Free Will & Benjamin Libet?


Tom, can you give me your thoughts on the research by Benjamin Libet (and others)?


  • Pat


Thanks for your question, Pat. Interestingly, I just returned from a conference (the Central Division meetings of the American Philosophical Association in Chicago) that included a session on Libet’s work. But unfortunately, as I explain in my announcement, I have little time to post right now, so my response to your question must be brief and inadequate.

Be that as it may, I seriously doubt that Libet has interpreted correctly his own experiments concerning the matter of forming intentions, of making decisions, and of consciously controlling our actions. For a close examination of these experiments and a devastating critique of Libet’s own interpretation of them, see Alfred R. Mele, Free Will and Luck (Oxford University Press), pp. 30-46. See also Mele’s forthcoming book Effective Intentions: The Power of Conscious Will (Oxford University Press) to be published within a month or two. As Mele points out, we must distinguish carefully between the experimental data or the actual results of experiments, on the one hand, and the concepts used to represent the data, on the other. In particular, Libet’s failure to distinguish an intention to do something from wanting to do it or even from having an urge to do it results, according to Mele, in a lot of confusion about when an intention supposedly appears on the scene. Mele thus concludes: “Attention not only to the data but also to the concepts in terms of which the data are analyzed makes it clear that Libet’s striking claims about decisions, intentions, and free will are not justified by the data” (p. 45).

Incidentally, I thought the discussion at the URL you provided was pretty good, and the following quotation, which coheres nicely with Mele’s discussion, seems to me right on target:

Thanks again for your question, and sorry for the brevity of my reply.



Incidentally, when I was teaching people to fence, one of the things I focused on was the relationship between action and reaction (not least because the scoring of two of the weapons heavily relies on this distinction), and the subsequent relationship between consciously intended action, trained habits (which occur automatically but which don’t start off that way) and instincts (which occur automatically without conscious direction, or not at first anyway).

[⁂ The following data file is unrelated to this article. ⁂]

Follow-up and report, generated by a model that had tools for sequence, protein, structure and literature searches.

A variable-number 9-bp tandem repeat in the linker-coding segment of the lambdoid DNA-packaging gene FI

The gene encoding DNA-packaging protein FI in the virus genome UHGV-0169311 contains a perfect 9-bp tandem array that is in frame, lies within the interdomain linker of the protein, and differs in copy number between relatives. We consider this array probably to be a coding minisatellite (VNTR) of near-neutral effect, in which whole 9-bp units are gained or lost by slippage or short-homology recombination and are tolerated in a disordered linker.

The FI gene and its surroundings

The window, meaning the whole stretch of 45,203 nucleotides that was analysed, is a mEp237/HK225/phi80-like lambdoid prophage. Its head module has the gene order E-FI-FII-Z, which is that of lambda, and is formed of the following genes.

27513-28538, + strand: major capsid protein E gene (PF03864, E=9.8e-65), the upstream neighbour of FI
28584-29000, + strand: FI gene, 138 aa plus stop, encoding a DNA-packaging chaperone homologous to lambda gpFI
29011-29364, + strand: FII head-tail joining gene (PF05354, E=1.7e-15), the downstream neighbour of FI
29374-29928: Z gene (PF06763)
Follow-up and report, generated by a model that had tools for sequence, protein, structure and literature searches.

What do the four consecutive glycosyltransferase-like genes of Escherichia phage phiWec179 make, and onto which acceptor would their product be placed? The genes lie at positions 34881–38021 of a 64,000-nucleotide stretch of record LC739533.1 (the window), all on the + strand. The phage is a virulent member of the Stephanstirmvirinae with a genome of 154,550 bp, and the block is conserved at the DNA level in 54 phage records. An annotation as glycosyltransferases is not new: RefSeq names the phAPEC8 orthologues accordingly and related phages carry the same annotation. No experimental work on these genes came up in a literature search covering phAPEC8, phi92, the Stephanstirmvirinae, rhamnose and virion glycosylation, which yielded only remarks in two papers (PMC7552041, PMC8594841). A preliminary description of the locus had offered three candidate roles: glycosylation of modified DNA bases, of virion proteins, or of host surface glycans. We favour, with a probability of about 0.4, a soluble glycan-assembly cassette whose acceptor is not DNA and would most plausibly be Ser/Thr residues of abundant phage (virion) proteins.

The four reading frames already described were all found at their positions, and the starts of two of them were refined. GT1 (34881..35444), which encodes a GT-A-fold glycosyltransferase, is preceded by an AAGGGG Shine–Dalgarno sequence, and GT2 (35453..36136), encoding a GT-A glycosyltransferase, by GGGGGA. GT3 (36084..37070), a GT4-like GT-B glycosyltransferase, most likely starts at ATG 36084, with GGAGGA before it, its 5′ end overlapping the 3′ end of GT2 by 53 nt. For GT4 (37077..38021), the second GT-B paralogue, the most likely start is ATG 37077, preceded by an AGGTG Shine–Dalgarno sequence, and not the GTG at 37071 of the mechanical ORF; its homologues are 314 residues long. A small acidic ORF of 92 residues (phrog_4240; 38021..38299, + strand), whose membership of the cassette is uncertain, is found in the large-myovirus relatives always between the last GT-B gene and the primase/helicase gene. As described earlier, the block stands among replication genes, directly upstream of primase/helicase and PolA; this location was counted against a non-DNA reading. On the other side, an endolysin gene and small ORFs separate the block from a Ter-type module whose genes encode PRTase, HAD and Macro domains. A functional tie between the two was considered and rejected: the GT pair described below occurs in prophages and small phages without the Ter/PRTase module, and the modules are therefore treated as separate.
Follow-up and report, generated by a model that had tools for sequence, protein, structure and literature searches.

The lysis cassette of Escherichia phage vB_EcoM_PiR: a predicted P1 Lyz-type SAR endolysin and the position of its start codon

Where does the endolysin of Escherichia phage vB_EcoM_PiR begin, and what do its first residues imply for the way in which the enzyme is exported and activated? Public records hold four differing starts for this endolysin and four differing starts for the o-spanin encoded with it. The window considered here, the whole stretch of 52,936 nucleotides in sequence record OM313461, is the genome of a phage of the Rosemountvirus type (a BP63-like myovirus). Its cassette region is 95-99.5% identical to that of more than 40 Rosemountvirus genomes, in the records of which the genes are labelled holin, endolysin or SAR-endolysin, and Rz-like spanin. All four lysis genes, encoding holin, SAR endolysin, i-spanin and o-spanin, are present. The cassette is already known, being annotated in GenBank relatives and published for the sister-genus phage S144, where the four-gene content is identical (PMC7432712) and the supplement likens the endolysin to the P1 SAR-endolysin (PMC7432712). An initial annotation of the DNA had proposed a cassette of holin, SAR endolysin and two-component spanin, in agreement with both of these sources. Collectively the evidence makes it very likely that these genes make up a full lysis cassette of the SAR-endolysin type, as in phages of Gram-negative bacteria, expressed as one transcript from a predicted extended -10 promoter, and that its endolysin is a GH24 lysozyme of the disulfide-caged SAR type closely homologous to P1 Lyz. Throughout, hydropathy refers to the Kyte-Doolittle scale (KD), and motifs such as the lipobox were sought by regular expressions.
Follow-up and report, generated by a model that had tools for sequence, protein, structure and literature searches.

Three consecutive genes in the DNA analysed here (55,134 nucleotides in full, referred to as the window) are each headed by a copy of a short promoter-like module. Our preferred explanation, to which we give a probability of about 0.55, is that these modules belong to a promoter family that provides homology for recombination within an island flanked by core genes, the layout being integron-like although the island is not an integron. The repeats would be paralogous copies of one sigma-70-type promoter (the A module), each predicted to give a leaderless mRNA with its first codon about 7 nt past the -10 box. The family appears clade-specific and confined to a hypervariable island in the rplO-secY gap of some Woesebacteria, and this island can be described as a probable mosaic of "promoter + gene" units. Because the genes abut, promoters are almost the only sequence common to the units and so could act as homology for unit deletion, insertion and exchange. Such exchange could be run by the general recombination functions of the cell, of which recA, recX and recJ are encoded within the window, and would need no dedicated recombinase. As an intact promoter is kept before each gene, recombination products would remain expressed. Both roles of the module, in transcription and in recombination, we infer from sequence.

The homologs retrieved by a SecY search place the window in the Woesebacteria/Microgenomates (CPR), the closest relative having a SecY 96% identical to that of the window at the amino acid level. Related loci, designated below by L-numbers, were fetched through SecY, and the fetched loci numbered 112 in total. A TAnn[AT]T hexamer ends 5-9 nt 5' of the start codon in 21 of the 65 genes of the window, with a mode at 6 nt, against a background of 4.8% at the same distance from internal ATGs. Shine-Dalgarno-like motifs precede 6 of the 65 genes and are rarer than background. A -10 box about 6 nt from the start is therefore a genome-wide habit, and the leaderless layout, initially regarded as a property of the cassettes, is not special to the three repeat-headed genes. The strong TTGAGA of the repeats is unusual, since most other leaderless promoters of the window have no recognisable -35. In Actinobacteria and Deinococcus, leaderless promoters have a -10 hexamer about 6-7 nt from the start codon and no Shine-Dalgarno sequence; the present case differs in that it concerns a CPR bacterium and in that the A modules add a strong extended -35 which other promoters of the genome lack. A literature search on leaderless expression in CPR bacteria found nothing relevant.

Fencing is great as a sport-illustration for this, because so many of its practices in a martial-art sense are built on suppressing faulty instincts (to overparry, for example; or to cover one’s chest with the unweapon’d hand, which can actually be very useful in other sword styles but not in Olympic fencing); building new habits (such as keeping the body rotated to present a minimum target section, and rotating the sword-wrist over palm-up in order to help minimize parrying and keep the tip on/near target); encouraging helpful instincts (not much of this compared to other martial-art forms, but the overhead sabre parry would be an example); and consciously planning and putting into operation strategies and tactics.

There’s a lot to be said in favor of designing martial art forms which encourage and direct already-existent instincts, too, of course. But the purpose is still to shape instincts and to create habits which can be relied on to occur more-or-less automatically in mental subprocessing.


Since it’s relevant, here’s a link to Sam Harris’ new book on free will: … _itm_img_1


Here’s a link to an article in Nature magazine titled "Taking Aim at Free Will by Kerri Smith which nicely summarizes the issues being talked about here.

This topic continues to be one of the most intriguing for me as a UR believer…



Hey guys! Long time! Just wanted to update this thread with a link to Christof Koch describing experiments that allow scientists to (to some degree) accurately predict what your next move will be-- before you’re aware of it!

I can link to peer reviewed papers and longer talks, but here’s a teaser for now.

This seems much more difficult to deal with than Libet’s work. Or maybe not?


  • Pat